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Dust Tracks On A Road

Zora Neale Hurston

4 Reviews

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Autobiography: general, Autobiography: literary, Civil rights & citizenship

The warm and lively autobiography of Zora Neale Hurston, one of the most influential African-American writers, is published with a new introduction by JESMYN WARD

With a new introduction by JESMYN WARD

'Zora Neale Hurston was a knockout in her life, a wonderful writer and a fabulous person. Devilishly funny and academically solid: delicious mixture' MAYA ANGELOU


First published in 1942 at the height of her popularity, DUST TRACKS ON A ROAD is Zora Neale Hurston's candid, exuberant account of her rise from childhood poverty in the rural South to a prominent place among the leading artists and intellectuals of the Harlem Renaissance. As compelling as her acclaimed fiction, Hurston's literary self-portrait offers a revealing, often audacious glimpse into the life - public and private - of an extraordinary artist, anthropologist, chronicler and champion of the black experience in America. Full of the wit and wisdom of a proud, spirited woman who started off low and climbed high: 'I have been in Sorrow's kitchen and licked out all the pots. Then I have stood on the peaky mountain wrapped in rainbows with a harp and a sword in my hands.'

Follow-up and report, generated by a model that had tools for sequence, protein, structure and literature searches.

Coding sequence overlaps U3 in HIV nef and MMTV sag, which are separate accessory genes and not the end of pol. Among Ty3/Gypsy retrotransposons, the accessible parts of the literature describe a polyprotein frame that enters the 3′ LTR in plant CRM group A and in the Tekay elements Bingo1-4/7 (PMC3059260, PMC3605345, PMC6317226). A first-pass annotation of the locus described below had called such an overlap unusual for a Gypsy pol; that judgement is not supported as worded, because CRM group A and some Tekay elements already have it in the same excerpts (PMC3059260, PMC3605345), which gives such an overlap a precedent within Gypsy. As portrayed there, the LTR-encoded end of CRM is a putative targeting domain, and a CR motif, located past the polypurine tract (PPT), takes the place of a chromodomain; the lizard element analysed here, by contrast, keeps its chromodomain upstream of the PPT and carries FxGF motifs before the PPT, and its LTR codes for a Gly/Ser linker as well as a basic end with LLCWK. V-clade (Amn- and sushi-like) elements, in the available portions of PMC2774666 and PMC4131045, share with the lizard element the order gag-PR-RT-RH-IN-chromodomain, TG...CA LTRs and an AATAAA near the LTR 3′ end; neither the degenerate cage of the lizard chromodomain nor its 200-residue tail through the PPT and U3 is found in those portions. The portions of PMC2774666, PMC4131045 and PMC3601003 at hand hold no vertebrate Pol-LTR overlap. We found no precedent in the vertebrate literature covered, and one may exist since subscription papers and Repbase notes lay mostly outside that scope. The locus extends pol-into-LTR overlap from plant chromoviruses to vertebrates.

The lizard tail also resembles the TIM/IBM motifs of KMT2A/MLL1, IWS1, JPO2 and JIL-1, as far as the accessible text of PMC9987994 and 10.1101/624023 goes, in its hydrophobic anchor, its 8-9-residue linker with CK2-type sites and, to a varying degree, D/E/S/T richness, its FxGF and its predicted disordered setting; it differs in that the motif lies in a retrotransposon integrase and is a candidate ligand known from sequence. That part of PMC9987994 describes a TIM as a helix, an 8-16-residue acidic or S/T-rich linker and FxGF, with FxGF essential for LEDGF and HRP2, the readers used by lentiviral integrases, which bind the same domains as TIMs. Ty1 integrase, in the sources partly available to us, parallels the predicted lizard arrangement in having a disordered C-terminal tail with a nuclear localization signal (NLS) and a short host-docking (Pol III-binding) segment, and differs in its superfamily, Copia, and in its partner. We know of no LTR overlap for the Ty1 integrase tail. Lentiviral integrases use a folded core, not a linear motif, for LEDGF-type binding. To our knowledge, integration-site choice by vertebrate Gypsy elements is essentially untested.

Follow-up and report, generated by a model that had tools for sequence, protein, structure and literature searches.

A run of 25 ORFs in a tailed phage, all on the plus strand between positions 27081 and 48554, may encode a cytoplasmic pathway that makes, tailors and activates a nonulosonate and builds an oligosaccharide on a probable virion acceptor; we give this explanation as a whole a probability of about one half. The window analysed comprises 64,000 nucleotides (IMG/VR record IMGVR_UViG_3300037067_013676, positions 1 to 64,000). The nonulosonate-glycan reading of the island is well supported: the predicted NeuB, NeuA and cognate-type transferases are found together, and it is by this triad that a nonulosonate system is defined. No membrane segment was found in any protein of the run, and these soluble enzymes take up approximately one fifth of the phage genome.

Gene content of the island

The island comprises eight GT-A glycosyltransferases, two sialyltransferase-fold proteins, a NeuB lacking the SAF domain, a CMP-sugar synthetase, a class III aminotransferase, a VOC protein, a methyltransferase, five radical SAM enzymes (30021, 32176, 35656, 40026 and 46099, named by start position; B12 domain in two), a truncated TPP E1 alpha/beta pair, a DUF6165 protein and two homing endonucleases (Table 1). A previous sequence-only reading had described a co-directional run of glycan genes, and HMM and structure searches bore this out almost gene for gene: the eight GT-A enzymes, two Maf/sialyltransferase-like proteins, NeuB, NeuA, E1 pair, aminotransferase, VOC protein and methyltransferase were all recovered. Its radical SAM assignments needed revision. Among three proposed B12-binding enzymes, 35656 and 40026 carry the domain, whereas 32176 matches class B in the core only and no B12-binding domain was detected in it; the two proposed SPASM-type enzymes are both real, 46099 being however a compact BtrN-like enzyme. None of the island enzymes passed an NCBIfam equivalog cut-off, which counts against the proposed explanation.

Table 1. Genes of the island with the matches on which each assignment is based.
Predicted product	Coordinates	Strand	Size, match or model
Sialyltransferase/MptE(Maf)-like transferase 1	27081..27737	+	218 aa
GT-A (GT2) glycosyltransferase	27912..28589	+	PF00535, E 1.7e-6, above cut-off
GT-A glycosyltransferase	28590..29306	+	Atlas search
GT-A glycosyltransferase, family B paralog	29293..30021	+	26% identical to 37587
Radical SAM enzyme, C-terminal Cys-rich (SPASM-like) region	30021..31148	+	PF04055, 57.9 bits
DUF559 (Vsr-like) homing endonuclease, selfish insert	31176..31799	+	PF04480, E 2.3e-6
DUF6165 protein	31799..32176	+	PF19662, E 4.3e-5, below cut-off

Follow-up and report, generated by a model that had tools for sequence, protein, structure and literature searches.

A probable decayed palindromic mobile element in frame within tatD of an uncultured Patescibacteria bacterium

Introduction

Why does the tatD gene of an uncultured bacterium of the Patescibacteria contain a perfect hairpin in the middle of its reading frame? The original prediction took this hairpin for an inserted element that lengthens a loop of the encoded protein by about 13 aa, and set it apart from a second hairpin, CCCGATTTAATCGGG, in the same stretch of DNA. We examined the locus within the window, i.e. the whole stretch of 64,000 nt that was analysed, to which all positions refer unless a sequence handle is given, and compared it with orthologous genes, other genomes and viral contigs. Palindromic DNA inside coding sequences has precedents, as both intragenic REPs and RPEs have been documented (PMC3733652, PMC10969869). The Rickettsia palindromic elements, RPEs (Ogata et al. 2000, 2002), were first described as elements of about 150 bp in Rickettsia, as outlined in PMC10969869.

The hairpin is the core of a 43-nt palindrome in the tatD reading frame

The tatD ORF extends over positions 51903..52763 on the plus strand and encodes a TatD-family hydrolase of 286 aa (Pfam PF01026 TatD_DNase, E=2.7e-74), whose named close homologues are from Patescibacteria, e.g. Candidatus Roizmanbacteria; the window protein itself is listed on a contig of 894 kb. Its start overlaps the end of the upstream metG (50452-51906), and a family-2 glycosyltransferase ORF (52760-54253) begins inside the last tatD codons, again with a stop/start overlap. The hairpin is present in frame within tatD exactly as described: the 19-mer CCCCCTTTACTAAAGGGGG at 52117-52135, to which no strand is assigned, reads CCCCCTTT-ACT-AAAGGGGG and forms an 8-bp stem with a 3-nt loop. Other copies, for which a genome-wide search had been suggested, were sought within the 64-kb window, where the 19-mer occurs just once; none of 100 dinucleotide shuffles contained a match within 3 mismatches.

'One of the greatest writers of our time' TONI MORRISON

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Praise for Dust Tracks On A Road

  • Warm, witty, imaginative . . . A rich and winning book - New Yorker

  • Told in gutsy language . . . Her story is an encouraging and enjoyable one for any member of the human race - New York Review of Books

  • One of the greatest writers of our time

  • Zora Neale Hurston was a knockout in her life, a wonderful writer and a fabulous person. Devilishly funny and academically solid: delicious mixture

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Zora Neale Hurston

Zora Neale Hurston was a novelist, folklorist, and anthropologist. An author of four novels (Jonah's Gourd Vine, 1934; Their Eyes Were Watching God, 1937; Moses, Man of the Mountain, 1939; and Seraph on the Suwanee, 1948); two books of folklore (Mules and Men, 1935, and Tell My Horse, 1938); an autobiography (Dust Tracks on a Road, 1942); and over fifty short stories, essays, and plays. She attended Howard University, Barnard College and Columbia University, and was a graduate of Barnard College in 1927. She was born on January 7, 1891, in Notasulga, Alabama, and grew up in Eatonville, Florida. She died in Fort Pierce, in 1960. In 1973, Alice Walker had a headstone placed at her gravesite with this epitaph: 'Zora Neale Hurston: A Genius of the South.'

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